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Green Oat Hay


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#1 JakesMom

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Posted 26 September 2007 - 10:31 AM

My horse Jake is a very easy keeper (I hate that term, I can't feed him enough to keep his gut full with out him turning into a hot air ballon). I have a boarding facility where most of the horses do very well on alfalfa, and grass is very hard to come by this year due to drought in the good old Pacific NW. Hay prices are out of site. My normal supplier who has really good alfalfa/grass mix (heavy on the grass) can only spare me 10 ton instead of my normal 30. I can get some green oat hay for a reasonable price but have never fed it and am not sure if it would be suitable for Jake. It seems to me that it would not be very good beings it contains the word "oat" and I always thought that after they take the oat what was left was straw.

Anyway I am confused about the stuff. Is it very fattening because it is oat or is it just straw with no nutrinal value.

Can anyone out there give me some idea about feeding Oat Hay??

Thanks

#2 BB Blue

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Posted 26 September 2007 - 10:41 AM

Found this on the internet - http://hayandforage.com/mag/farming_oat_hay_turns/

Another link about oat hay and horses -
http://www.ca.uky.edu/agc/news/2000/Sep/oathay.htm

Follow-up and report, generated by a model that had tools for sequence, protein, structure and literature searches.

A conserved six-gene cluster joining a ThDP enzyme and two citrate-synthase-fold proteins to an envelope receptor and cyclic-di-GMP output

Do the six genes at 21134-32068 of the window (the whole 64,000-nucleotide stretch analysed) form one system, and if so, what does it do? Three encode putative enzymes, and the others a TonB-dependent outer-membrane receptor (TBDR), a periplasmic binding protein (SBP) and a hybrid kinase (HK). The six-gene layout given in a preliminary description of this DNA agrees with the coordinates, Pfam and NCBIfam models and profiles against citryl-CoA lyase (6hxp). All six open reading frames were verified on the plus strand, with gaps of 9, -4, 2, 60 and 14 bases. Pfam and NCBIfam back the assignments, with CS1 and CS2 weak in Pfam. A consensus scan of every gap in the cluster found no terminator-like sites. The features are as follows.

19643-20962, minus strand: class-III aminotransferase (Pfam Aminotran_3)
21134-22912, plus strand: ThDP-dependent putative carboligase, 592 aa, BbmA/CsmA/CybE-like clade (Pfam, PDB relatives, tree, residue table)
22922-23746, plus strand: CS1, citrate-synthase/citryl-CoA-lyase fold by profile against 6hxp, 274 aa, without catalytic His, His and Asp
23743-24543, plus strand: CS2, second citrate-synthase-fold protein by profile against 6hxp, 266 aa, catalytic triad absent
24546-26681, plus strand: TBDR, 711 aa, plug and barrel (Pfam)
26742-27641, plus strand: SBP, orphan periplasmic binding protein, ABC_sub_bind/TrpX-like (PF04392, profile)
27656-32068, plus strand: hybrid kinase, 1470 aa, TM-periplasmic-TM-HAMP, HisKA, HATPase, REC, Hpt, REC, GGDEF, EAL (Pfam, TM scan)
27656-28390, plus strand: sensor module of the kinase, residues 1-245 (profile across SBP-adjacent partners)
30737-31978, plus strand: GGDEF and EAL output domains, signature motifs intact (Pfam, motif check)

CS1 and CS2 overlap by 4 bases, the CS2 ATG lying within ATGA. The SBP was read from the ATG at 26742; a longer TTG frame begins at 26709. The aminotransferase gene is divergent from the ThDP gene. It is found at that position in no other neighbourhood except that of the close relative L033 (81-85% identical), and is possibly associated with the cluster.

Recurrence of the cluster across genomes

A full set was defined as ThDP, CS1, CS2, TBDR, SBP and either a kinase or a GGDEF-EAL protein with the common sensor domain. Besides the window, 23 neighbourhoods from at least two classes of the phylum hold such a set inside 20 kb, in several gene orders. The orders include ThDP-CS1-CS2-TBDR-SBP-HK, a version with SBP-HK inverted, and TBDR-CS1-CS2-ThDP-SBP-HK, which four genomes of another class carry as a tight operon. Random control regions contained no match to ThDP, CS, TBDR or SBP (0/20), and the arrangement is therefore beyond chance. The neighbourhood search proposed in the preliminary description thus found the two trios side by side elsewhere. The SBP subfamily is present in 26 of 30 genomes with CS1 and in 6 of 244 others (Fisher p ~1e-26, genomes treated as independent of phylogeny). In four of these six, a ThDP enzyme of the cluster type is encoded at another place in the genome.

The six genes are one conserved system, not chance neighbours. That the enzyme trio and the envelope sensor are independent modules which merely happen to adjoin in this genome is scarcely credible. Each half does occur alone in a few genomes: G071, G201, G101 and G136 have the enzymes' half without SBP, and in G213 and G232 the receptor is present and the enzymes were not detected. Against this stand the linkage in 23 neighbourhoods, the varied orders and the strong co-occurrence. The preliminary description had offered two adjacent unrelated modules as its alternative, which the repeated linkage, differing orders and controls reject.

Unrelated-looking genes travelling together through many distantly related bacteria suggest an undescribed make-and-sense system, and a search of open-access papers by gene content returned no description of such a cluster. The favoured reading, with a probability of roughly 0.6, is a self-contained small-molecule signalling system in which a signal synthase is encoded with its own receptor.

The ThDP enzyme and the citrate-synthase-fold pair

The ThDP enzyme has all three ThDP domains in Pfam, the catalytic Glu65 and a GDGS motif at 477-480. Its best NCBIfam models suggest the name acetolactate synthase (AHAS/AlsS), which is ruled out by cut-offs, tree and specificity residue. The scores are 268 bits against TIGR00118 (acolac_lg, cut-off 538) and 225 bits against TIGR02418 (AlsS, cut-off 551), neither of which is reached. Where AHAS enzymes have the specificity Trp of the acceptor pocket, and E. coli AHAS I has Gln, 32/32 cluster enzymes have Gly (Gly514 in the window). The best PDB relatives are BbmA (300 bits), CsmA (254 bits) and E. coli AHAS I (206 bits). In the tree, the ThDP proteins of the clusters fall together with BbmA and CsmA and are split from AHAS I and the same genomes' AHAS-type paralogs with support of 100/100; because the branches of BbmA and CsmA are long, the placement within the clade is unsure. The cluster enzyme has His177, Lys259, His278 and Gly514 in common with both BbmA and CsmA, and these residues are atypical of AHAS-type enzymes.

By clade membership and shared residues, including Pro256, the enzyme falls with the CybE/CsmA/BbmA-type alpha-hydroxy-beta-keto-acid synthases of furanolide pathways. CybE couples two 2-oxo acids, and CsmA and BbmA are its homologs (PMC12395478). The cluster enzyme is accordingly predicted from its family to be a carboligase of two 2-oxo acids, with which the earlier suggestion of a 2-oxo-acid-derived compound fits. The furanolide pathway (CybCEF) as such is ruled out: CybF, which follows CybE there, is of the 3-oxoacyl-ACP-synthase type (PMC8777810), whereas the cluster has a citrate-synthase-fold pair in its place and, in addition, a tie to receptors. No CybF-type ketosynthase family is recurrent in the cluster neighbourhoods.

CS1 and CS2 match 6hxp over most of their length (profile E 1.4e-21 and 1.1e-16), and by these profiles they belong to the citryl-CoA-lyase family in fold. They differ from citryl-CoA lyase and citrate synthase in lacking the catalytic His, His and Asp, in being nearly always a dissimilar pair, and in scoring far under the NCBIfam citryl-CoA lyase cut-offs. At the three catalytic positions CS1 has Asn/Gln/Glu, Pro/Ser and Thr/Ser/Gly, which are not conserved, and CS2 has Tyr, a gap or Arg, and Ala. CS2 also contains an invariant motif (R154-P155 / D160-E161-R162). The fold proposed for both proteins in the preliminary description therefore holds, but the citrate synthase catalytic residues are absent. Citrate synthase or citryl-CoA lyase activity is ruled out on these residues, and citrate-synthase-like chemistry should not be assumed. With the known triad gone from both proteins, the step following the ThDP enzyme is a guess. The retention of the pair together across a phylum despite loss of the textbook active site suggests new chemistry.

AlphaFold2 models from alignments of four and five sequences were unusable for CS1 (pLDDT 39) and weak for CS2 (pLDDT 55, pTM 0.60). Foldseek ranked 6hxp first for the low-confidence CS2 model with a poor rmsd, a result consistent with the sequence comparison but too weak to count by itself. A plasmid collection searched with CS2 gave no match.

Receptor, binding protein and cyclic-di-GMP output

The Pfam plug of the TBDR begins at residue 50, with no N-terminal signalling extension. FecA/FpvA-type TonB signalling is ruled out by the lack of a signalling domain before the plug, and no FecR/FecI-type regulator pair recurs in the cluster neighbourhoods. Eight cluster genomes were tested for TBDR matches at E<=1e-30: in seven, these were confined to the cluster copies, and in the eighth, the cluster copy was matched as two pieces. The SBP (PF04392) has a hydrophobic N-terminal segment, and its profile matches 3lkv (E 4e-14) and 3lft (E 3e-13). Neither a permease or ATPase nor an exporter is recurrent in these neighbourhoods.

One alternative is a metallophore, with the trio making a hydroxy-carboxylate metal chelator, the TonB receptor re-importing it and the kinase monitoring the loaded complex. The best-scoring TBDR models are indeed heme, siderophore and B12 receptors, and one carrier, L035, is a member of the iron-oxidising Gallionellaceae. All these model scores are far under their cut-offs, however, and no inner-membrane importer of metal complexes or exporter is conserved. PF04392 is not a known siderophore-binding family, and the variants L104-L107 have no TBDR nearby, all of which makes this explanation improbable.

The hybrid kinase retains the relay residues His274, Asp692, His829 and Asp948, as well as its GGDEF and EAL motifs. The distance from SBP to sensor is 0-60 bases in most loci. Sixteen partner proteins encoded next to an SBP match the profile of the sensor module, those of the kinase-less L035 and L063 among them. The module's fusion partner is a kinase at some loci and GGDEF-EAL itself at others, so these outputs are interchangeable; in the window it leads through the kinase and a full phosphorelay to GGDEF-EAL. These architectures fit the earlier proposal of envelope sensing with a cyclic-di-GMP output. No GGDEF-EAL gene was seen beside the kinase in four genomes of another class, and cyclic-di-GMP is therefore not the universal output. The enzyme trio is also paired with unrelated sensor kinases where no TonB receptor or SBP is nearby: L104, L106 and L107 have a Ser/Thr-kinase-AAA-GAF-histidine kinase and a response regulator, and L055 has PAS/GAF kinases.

Sounds okay to me as long as you can check the nitrate levels.

#3 daisysmom

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Posted 26 September 2007 - 10:56 AM

Having grown up in S Ca, oat hay was our grass hay. Everyone fed it with alfalfa and my horses loved it. If it's green, it's immature hay and the oats were not harvested. Very pallatable and nutritionally comperable to grass. Many hay brokers have large lots of hay analyzed as part of the process to set the price. Ask. Will he hold the hay while you get it analyzed if he hasn't? (cost about $30 and can save you alot of $$ if you are adding stuff shotgun style) You can make up what is lacking with loose vitamins/minerals so you're not balancing it with high calorie concentrates.

I would not pass on it just because it's not what you normally feed. Oat hay is the unknown forage out there and many will pass on it, thus keeping the demand and price down, while getting into a bidding war over marginal grass hay. Your extension office/coop can give you parameters of what oat hay in you area normally comes in at if you have to make a decision right now. It's the first of October, I'd buy it.

[ 09-26-2007, 10:58 AM: Message edited by: daisysmom ]

#4 Itchysmom

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Posted 26 September 2007 - 11:39 PM

As another person from So cal, we also fed oat hay along with our alfalfa. Only thing I noticed with most of the horses was that they didn't like the green oat hay. They much prefer it to be more brown, like straw. But, I would try it.

It is like grass hay in that they don't get as fat on it as alfalfa, but over fed and you will have fatties. I free fed it to my mare when she was pregnant. Kept her busy and didn't really make her fat.Plus it is not any where near as high in calcium as alfalfa.